Five of Niagara-on-the-Lake’s municipal partners are asking for additional money from the town for 2023.
These five partners include the Niagara-on-the-Lake Museum, the Niagara District Airport, the NOTL Chamber of Commerce, the NOTL Public Library and Niagara College.
Each one of them came to council asking the town for a hike in municipal funding, but for a variety of reasons.
Niagara District Airport
Dan Pilon, CEO of the Niagara District Airport is asking for $64,726 from the town, up from $58,820 last year.
The airport receives municipal funds in the form of capital grants, which are used to help pay for the airport’s infrastructure, and operating grants, which pay for its daily needs, like fuel and staffing.
Between the two, the airport is seeking $26,310 for capital expenditures and $38,416 for operations.
The airport collects revenue from NOTL, Niagara Falls and St. Catharines every year.
All three are seeing an increase from the airport.
Pilon cited a few reasons, including operating costs, fuel, maintenance and equipment.
According to his presentation, the airport is also deferring several big ticket expenses, including runway replacements valued at $1.5 million.
Coun. Wendy Cheropita was concerned about the safety risk such deferred projects pose to the airport.
Pilon noted, “It’s a difficult environment to come to this table and ask for some significant capital contributions at the moment.”
“We try to ensure that we’re taking care of areas that would pose any immediate safety risk,” he added.
Sarah Kaufman, managing director of the NOTL Museum, is asking for a three per cent increase in funding over last year, bringing the cost to the town to about $281,000.
The money will be used to support maintenance of the museum’s building as well as staffing, office supplies, community programming and marketing, Kauffman said.
“For 2023, we looked forward to continuing our exhibitions and programs,” she said.
The museum has 106 programs and exhibitions planned for the year.
Coun. Maria Mavridis asked if the additional money would be used to support the museum’s expansion.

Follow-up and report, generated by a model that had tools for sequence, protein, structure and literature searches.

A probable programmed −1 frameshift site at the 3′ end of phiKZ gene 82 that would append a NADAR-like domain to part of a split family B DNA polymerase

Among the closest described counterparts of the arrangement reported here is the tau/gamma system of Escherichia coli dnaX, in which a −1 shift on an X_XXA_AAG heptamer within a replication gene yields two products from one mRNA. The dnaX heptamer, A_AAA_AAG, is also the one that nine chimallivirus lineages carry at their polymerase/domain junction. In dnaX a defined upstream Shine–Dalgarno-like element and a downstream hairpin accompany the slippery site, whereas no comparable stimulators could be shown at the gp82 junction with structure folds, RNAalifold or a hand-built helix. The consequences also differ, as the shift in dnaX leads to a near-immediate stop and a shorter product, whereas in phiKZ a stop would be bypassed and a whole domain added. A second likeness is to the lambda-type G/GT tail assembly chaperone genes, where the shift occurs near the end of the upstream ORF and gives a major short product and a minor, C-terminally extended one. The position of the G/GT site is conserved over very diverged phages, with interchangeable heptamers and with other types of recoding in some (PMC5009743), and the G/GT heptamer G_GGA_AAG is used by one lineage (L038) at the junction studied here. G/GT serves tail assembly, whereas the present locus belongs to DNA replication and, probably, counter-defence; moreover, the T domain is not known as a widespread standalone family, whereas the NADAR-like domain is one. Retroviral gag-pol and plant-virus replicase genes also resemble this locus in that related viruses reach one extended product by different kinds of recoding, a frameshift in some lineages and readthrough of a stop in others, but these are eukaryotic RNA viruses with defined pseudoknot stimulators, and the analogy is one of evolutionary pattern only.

However, Kaufman said the budgetary expenses presented were strictly for operations and would not be used for the planned expansion.
CHAMBER OF COMMERCE
Minerva Ward, president of the NOTL Chamber of Commerce, is asking for $150,000 from the town to support the services it offers.
The chamber receives municipal funding to support and promote tourist events that benefit the town.
Among the major events it hosts and promotes are the annual Icewine Festival, Peach Festival and Candlelight Stroll.
Ward said the chamber received $117,000 from the town last year.
Coun. Erwin Wiens said the municipality is “struggling to make our ends meet at the operational level” and asked if the chamber’s business partners could help with funding.
“Sponsors were very, very hard to come by last year,” Ward said.
“Businesses are in recovery mode” due to the COVID-19 pandemic and only a small percentage of its revenue comes from business partners, Ward said.
Her vision to make NOTL a “year-round tourism destination” and wants visitors to extend their stays.
“We want to convert a lot of those day trippers into multi-day visitors,” Ward told councillors.
NOTL Public Library
Library CEO Cathy Simpson and board chair Daryl Novak have asked the town for almost $840,000 to help support the library this year.
This represents a 6.67 per cent increase from last year when the town spent more than $786,000 on the library.
Simpson said the library hopes to realign its opening hours for consistency and also needs money to cover extra hours for part-time staff.
But the biggest reason for the increase is insurance, which has risen nearly 16 per cent this year, according to her presentation.
While municipal funding is not the library’s only source of revenue, the town is the biggest source, covering 91 per cent of the library’s budget.
Council approved a memorandum of understanding with the library. It outlines some of the services the library offers in exchange for municipal funding and helps to improve communication between the town and library. .
This is the first time the town has had such a contract with the library, said Coun. Sandra O’Connor.
The vice-president of research and innovation for Niagara College asked for a small grant of $20,000 from the college for this year’s budget.
Marc Nantel said the town has invested $360,000 with the college since 1995.
The $20,000 ask will be used to fund experiential learning opportunities for students, like a new greenhouse its expects to complete in 2024 and a new on-campus chef’s garden.
Niagara College was named one of Canada’s top research colleges for 2022 the morning after the council meeting.